the weight loss claims made by Walton and found that the labeling and documents for
the machine were misleading. Walton was forced to re-word their promotional
materials for the machine, and suddenly ads for the device no longer promised to help
you lose weight. Of course advertisers being advertisers, they
still did what they could to imply it. Not to mention at that point the machine was
about 100 years old, so it wasn’t really necessary to advertise what it was supposed
to do. People knew already. Luckily today we’re all really smart and
can easily see through bogus advertising and that’s why there was never another cheap
get-fit-quick exercise machine after the Walton Belt Vibrator. Just kidding. Even today, devices are sold with the promise
of letting technology do the hard work for you in that journey to lose weight. The Sport Elec. The Ab Force. Some of these products even use the same concept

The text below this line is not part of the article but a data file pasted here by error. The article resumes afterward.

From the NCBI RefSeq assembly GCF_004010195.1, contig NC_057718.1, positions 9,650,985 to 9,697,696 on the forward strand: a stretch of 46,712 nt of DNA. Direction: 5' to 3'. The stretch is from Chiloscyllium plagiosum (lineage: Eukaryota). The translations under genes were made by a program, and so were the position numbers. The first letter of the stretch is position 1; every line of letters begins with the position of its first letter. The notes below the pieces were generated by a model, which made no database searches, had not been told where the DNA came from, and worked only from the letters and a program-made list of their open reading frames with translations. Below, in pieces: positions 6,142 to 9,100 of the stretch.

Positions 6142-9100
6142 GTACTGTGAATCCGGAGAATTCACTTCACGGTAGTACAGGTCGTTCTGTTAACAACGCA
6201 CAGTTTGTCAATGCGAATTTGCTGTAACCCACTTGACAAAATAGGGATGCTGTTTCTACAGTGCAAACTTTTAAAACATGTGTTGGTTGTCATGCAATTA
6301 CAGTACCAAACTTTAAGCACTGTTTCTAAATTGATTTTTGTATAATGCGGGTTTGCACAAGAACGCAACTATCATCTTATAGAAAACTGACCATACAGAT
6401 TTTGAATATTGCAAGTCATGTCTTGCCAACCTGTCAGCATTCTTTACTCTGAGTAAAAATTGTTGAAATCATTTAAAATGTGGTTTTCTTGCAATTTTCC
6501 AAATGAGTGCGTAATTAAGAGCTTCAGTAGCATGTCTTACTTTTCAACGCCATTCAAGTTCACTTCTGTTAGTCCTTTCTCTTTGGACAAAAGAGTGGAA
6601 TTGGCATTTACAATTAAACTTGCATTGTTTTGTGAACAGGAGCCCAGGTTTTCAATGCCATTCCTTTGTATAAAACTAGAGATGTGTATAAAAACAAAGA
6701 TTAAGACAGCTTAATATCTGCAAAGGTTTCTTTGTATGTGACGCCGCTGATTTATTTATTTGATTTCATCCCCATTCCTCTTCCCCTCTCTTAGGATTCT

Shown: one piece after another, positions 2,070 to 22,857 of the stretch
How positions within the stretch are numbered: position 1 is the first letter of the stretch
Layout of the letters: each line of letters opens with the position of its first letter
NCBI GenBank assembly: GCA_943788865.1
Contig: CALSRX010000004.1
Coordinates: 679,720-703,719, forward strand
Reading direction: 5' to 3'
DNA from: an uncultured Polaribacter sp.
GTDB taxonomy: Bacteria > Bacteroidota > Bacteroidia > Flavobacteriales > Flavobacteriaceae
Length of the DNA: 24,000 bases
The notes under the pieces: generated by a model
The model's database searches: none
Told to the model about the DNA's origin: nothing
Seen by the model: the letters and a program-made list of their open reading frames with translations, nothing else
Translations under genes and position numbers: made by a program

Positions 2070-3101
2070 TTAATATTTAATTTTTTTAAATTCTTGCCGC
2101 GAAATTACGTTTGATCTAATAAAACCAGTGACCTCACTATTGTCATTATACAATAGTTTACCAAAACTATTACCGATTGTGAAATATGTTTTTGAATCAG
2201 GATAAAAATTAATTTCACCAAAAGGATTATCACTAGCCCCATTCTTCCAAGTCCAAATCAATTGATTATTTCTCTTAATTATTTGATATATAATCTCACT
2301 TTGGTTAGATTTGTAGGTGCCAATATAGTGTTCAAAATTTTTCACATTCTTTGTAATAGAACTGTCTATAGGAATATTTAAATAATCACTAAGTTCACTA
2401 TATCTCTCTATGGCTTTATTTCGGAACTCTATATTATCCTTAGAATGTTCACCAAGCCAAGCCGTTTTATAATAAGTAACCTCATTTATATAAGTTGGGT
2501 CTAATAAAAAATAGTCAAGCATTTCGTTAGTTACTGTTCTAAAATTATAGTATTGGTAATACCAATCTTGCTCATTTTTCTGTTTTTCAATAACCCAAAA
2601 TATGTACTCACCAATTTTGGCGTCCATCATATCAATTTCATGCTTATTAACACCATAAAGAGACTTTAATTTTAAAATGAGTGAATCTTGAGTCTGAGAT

of vibration to sell the idea of breaking down fats and losing weight. Ultimately it seems to be within our human
nature to seek out easier ways to do things, and technology is a persistent aid in that
journey. And to be fair, that’s because it works
most of the time. Technology has made it easier for us to communicate,
to learn, to relax, and yes, even to stay in shape. However at the end of the day, on that last
point, we still have to put in the work. We can’t just shake it away. Didn’t work then. Doesn’t work now. Consistent at least.

Tagged : # # # # # # # # # # # # # # # # #

Methew Wade

43 thoughts on “History of the Vibrating Exercise Belt: Didn’t Work Then, Doesn’t Work Now”

  1. Obviously fake news. My vibrating machine works great. Lost 12 pounds in a month using it. Walt used one too. Just a fun factoid. How else did he stay in such tip top shape. Had to. Since he froze himself his doctors got him on the vibrating exercise machines so he could be unfrozen and still be able to live after not moving for so long. Great Invention. #Education

  2. I love the carousel of project highlights! It’s my fav WDW attraction. Who knew I could love history lessons so much! Your channel is truly one of the best out there, thanks Rob!